- Seaford Union Free School District
Middle School Teacher Publishes Children’s Self-Help Book
The passing of a loved one can be a difficult concept for a child to grasp, let alone talk about, which is why Seaford Middle School sixth grade teacher Danielle Alveari wrote a book about it. “Little Lucy May’s Loss,” a children’s self-help book on grief, was recently released by Amazon and Ms. Alveari dream of becoming a published author was realized.
“I wanted it to be simple, but I wanted it to be honest,” she said of the book she wrote four years ago. “It’s a topic that not everybody is comfortable talking about. I hope this book helps the lives of many that are struggling with the loss of a loved one. It is already such a difficult time in a person’s life and now more so than ever.”
Ms. Alveari said when her mother was sick several years ago, she spoke with hospice counselors about how to explain the situation to her two young daughters. She based the main character in the book on her eldest daughter, Eloise, now 9, and the emotions she felt in losing her grandmother.
She said there are several messages in the book, which she describes as realistic fiction – helping children understand the grieving process, validating the emotions they might feel, teaching compassion and empathy to youngsters who have yet to experience a loss, and showing ways to celebrate a loved one’s life. For example, Ms. Alveari said she, her husband and daughters planted a tree in their backyard in honor of her mom on the first Mother’s Day after her passing.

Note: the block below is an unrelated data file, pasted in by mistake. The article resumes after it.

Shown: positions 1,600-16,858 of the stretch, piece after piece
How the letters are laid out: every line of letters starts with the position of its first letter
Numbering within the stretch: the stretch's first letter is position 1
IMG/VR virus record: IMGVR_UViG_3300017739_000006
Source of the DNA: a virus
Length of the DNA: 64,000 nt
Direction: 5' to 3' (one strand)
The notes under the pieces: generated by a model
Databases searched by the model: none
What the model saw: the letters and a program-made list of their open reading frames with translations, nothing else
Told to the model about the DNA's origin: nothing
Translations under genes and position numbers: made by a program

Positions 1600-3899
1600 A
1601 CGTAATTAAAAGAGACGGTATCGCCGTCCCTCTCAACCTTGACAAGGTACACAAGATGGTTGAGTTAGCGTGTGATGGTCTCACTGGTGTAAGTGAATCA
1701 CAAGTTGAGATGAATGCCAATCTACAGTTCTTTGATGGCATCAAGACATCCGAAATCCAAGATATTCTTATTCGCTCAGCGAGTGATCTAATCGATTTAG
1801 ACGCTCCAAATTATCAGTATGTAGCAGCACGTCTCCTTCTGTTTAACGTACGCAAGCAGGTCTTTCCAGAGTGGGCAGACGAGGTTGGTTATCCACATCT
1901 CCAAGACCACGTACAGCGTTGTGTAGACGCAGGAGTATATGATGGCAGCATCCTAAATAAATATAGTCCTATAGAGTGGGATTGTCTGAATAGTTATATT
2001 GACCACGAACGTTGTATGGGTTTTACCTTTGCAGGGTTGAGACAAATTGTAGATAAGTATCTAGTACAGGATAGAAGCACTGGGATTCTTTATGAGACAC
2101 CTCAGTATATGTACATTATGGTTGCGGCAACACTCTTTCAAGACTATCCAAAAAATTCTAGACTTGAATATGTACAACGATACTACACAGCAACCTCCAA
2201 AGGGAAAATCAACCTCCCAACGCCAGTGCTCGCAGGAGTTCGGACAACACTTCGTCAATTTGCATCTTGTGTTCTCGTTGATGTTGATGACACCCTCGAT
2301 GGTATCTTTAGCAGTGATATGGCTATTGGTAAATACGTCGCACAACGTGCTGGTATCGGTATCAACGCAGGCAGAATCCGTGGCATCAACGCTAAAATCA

Ms. Alveari said she was first inspired to write the book when she was 19, after the passing of her grandmother. Whenever she sees a bird, she takes it as a sign her nanny is watching over her, and birds are included in several illustrations in the book. Samantha Saia, an art teacher on Long Island, was the book’s illustrator and the pair worked as a team to create “Little Lucy May’s Loss.”
“It had always been my dream to write a children’s book,” Ms. Alveari said. “She had always wanted to illustrate a book, so it was perfect for both of us.”
Ms. Alveari has taught in Seaford for 17 years, including the past four as an English and social studies teacher at the middle school. Prior to that, she worked as Harbor and Manor elementary schools, having taught kindergarten, first second, fourth and fifth grades. She hold a bachelor’s degree in psychology and elementary education from Hofstra University and a master’s degree in literacy from Touro College.
As an English teacher, she guides her students through several writing projects each year, including literary essays, opinion pieces and personal narratives. Ms. Alveari said they build upon their writing foundation from elementary school to craft more sophisticated pieces that incorporate greater detail, use more descriptive language and reflect an expanded vocabulary.
Creating the book gave her a greater understanding of the publishing process and wants to impart that knowledge on her students, such as the importance of being patient, persistent and taking risks. In her classroom, peer editing is an essential part of the writing process, in which students read each other’s works and give constructive feedback. She experienced that first hand, noting that suggestions from friends in the early stages of “Little Lucy May’s Loss” really help shape her book and bring her vision to life.